The director of the Holy See’s press office, Father Federico Lombardi, denied again today that Pope Benedict knew Bishop Richard Williamson held Holocaust diminishing beliefs before the Pontiff lifted the excommunication of the Pius X Society bishop. Such charges only “lead to creating confusion for no reason,” he said.
Responding to questions from journalists about a Swedish TV report scheduled to air Thursday night, the Vatican spokesman said today that there is “absolutely no basis for stating or insinuating that the Pope had been informed beforehand.”
Father Lombardi also noted that the statement by the Vatican Secretariat of State on February 4 “clearly denied” that the Pope was aware of the positions of the Lefebvrist bishop. He went on to explain that the statement categorically disassociated the Pope and the Catholic Church from any anti-Semitic position or denial of the Holocaust.
Moreover, he said, “the Pope’s letter to the bishops on March 10 put an end to the matter and there is no reason to revisit it.”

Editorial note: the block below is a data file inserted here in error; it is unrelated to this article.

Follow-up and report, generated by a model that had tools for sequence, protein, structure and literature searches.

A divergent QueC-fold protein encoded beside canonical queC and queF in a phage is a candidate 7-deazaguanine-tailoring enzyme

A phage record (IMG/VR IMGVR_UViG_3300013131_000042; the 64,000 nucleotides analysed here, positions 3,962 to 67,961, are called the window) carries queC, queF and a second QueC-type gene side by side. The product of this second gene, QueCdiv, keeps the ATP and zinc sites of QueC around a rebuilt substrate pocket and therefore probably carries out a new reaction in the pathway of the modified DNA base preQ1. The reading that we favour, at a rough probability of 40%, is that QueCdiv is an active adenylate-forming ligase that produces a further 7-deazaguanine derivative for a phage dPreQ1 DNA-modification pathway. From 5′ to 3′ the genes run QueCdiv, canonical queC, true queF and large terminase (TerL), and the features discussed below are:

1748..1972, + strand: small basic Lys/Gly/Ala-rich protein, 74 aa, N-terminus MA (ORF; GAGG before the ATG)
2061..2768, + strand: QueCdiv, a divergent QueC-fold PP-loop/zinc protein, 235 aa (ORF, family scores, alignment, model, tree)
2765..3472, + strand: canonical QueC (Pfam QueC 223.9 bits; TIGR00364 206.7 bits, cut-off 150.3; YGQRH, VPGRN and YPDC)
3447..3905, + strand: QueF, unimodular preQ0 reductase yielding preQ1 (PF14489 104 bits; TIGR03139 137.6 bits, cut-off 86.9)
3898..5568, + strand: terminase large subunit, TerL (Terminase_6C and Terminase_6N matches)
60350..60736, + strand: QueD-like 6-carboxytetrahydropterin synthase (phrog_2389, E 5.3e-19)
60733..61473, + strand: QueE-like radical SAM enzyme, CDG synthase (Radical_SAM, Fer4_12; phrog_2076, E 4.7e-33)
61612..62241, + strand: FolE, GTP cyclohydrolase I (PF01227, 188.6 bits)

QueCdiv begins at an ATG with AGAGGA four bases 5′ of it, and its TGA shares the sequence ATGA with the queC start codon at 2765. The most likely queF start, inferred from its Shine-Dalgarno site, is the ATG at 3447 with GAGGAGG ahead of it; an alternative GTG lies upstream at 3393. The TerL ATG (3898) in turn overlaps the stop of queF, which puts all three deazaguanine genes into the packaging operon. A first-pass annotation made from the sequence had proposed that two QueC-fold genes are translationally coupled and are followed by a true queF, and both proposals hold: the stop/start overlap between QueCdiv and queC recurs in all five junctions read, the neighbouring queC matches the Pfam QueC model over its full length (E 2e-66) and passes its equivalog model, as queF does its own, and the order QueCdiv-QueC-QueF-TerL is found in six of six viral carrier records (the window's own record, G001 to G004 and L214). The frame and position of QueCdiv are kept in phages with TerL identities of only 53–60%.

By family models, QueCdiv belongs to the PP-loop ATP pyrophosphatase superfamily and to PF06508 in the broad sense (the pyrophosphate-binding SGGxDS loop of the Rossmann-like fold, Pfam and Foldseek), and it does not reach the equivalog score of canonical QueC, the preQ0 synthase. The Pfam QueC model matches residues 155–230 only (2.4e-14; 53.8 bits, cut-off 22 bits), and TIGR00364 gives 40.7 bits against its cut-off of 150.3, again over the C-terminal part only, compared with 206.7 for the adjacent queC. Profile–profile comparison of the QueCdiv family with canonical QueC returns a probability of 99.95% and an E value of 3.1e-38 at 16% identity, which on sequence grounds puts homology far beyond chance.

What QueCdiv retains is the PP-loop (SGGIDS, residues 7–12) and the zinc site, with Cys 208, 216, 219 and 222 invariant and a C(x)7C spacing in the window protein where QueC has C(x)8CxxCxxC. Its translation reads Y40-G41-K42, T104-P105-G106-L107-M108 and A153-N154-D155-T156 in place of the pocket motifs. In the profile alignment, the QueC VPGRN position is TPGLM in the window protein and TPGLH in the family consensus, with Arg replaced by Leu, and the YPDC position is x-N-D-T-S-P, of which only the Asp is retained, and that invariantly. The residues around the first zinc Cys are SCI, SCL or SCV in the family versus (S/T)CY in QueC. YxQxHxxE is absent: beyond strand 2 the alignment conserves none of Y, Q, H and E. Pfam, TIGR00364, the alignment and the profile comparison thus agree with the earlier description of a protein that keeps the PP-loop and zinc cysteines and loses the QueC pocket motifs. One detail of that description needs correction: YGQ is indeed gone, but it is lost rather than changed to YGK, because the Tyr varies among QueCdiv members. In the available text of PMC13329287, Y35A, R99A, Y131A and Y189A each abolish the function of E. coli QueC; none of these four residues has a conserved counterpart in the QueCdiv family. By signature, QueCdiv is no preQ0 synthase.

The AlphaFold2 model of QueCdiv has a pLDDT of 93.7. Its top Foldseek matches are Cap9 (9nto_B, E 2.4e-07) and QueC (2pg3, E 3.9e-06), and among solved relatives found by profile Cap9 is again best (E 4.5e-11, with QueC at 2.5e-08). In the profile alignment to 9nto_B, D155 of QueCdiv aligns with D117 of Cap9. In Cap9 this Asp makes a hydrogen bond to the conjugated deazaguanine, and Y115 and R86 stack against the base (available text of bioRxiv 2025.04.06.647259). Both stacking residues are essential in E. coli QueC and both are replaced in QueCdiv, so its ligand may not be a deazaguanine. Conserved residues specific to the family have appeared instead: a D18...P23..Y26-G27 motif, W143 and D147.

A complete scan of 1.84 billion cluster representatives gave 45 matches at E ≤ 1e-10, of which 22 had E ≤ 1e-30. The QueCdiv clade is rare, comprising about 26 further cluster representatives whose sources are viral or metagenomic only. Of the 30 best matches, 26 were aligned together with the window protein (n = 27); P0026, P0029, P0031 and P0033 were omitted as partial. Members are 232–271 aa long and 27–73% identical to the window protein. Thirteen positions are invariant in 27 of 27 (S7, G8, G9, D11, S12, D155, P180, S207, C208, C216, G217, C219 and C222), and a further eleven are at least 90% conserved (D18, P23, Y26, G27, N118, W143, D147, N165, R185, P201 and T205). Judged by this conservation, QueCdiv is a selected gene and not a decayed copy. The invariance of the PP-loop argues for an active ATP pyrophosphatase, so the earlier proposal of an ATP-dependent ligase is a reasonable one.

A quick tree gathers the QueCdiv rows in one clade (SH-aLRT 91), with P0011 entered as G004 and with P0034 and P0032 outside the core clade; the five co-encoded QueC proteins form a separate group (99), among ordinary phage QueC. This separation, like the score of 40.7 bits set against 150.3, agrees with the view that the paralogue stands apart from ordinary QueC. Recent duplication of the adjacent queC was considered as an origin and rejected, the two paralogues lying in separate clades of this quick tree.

Benedict XVI, Father Lombardi said, “has explained the meaning of the lifting of the excommunication as a gesture in support of the unity of the Church and at the same time he has shown that the accusations about the lack of respect for the Jewish people are totally unfounded, and he has simply acknowledged the limits of Vatican communications both internally and externally.”
The Holy Father “has granted a new status to the Ecclesia Dei Commission (for dialogue with the Society of St. Pius X) in order to guarantee a better and more secure manner of proceeding” in issues related to relations with the followers of Archbishop Lefebvre, he added.
Therefore, “re-launching the Williamson case only leads to creating confusion for no reason,” Father Lombardi said.